One day two weeks before the national election on the island, breaking news rocks each presidential campaign.
Turns out that a decade earlier, Jason Bull had unwittingly been recorded on tape boasting to a chum about sexually molesting beautiful women. He confides that he can’t stop himself from kissing them and grabbing their crotches. He brags that women let him do it, that he can “get away with anything” because he’s famous.
The salacious tape goes public two weeks before the election. Public outrage is universal. Some call The Bull a “sexual predator” who should be jailed. Others call him a “sex addict” who needs therapy.
A dozen women come forward to tell their stories of Bull preying on them, going back decades, like specifics about his antics on airplanes. Bull calls them liars. He mocks an older woman as too ugly for him. (He ignores her beauty in youth when he hit on her.)
Religious conservatives at first condemn Bull for his crude immorality. None will condone his lewdness nor deny his lust is a sin. Bull is a bad guy. He should drop out of the campaign. His opportunist running mate offers to stop in and be the main candidate.
Bull shrugs off public outrage at his blatant misogyny. His defense is a sly smirk. “It’s just locker room talk, folks. Boys will be boys, after all. What’s the big deal?”
Adoni Rafi thinks it’s a very big deal indeed.
“Women are more than sex objects,” she writes. “We have a natural right to be treated as equals. We have a right to be believed when we report sexual assaults.” She urges women to stop accepting abuse, to stop seeing themselves as helpless victims.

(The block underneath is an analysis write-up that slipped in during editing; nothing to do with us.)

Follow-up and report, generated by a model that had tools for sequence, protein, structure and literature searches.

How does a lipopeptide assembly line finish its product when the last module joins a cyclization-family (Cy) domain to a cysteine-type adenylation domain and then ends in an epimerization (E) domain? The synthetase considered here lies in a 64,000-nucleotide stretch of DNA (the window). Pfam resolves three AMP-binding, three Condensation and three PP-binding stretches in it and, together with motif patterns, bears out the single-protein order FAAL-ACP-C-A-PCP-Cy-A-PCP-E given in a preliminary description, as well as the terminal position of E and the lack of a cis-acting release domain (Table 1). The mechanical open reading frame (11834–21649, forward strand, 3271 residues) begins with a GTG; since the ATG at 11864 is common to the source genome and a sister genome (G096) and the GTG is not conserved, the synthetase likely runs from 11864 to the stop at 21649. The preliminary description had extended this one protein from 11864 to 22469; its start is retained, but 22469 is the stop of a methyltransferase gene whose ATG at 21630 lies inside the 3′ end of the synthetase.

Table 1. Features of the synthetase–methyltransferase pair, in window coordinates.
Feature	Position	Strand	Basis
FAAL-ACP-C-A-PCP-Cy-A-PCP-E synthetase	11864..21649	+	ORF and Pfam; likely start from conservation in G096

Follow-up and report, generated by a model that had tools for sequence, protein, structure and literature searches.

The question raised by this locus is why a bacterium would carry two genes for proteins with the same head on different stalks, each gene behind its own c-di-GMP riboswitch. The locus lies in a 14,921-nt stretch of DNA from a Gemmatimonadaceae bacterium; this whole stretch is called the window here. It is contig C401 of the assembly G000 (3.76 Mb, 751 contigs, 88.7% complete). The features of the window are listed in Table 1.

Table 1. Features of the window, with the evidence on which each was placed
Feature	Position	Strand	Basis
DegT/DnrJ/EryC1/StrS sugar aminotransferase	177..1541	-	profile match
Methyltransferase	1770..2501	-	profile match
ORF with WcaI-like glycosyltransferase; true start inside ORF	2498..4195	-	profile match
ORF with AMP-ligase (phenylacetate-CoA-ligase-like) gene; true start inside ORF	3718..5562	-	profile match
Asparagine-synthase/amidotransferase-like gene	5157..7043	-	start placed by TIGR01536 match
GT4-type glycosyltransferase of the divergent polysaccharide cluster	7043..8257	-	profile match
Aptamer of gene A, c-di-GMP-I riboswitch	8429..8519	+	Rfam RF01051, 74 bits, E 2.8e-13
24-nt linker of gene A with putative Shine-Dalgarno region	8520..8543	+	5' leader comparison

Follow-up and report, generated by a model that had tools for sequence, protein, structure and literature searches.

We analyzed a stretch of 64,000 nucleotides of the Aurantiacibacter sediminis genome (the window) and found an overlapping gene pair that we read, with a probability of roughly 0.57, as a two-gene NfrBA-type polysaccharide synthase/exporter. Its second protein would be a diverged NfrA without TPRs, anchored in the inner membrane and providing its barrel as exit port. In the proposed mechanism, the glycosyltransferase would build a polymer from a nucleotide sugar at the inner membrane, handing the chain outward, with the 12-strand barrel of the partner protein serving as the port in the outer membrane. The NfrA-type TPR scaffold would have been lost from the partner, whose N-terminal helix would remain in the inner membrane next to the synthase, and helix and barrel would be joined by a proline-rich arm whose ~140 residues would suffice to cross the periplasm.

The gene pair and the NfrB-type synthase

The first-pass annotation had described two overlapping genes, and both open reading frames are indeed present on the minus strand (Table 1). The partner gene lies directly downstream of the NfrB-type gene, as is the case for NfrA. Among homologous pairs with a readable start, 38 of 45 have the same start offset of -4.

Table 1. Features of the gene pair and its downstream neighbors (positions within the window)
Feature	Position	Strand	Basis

Adoni then calls on women to stop using feminine wiles for getting men to take of them. “I do not trust the flattery of men who lock women in gilded prisons to prove their superiority. I imagine every woman standing free in her true power as a divine soul.”
Adoni is denounced across the classes. Infuriated men go online to put the uppity “bitch” back in her place. She is rebuked by refined women vested in the status quo.
Still, Adoni Rafi’s postings spread across the internet like a virus, going “viral.” The network buzz ignites grassroots organizing by many women to go get out the vote for the liberal candidate. In reality, this means getting their men to go out and vote.
Meanwhile, pundits across the spectrum scoff at Bull’s reckless antics. They tell the liberals to rest assured that such a misfit and unfit man must and will lose the election.
Two weeks pass. Religious conservatives relent. They decide winning the election matters more than morality. Forgive the sinner who strays, they intone like a chorus, “for have we not all sinned and come short of God’s glory?” Bull’s wealth proves he still has divine approval, after all. “We know that if any man truly sins, God will make him poor.”
Bull’s popular base rebounds in enthusiasm. Religious working-class voters from Bull’s majority racial group decide they will get out the vote for their man, again a hero in their eyes. They throng to Bull’s exciting rallies. His campaign regains momentum.
Now reset. Go back two weeks.
Within an hour of the vulgar tape going public, Bull’s campaign gets a big boost when an outlaw website publishes leaked documents exposing liberal party corruption.
The leaks site publishes a trove of electronic mail (“email”) by a top leader of the liberal party. The emails reveal how partly leadership secretly suppressed primary voting for an upstart progressive candidate who’s enjoying a surge of grassroot support. They rig primaries to deliver the presidential nomination to their favorite, their insider. Support for the liberal candidate falters. Liberals and progressives openly fight among themselves.
Most liberals and progressives decide to hold their nose and vote for their party candidate anyway, despite the corruption. If only to keep Bull from winning, they pick the lesser of two evils. Some now feel too dismayed or disgusted to vote at all.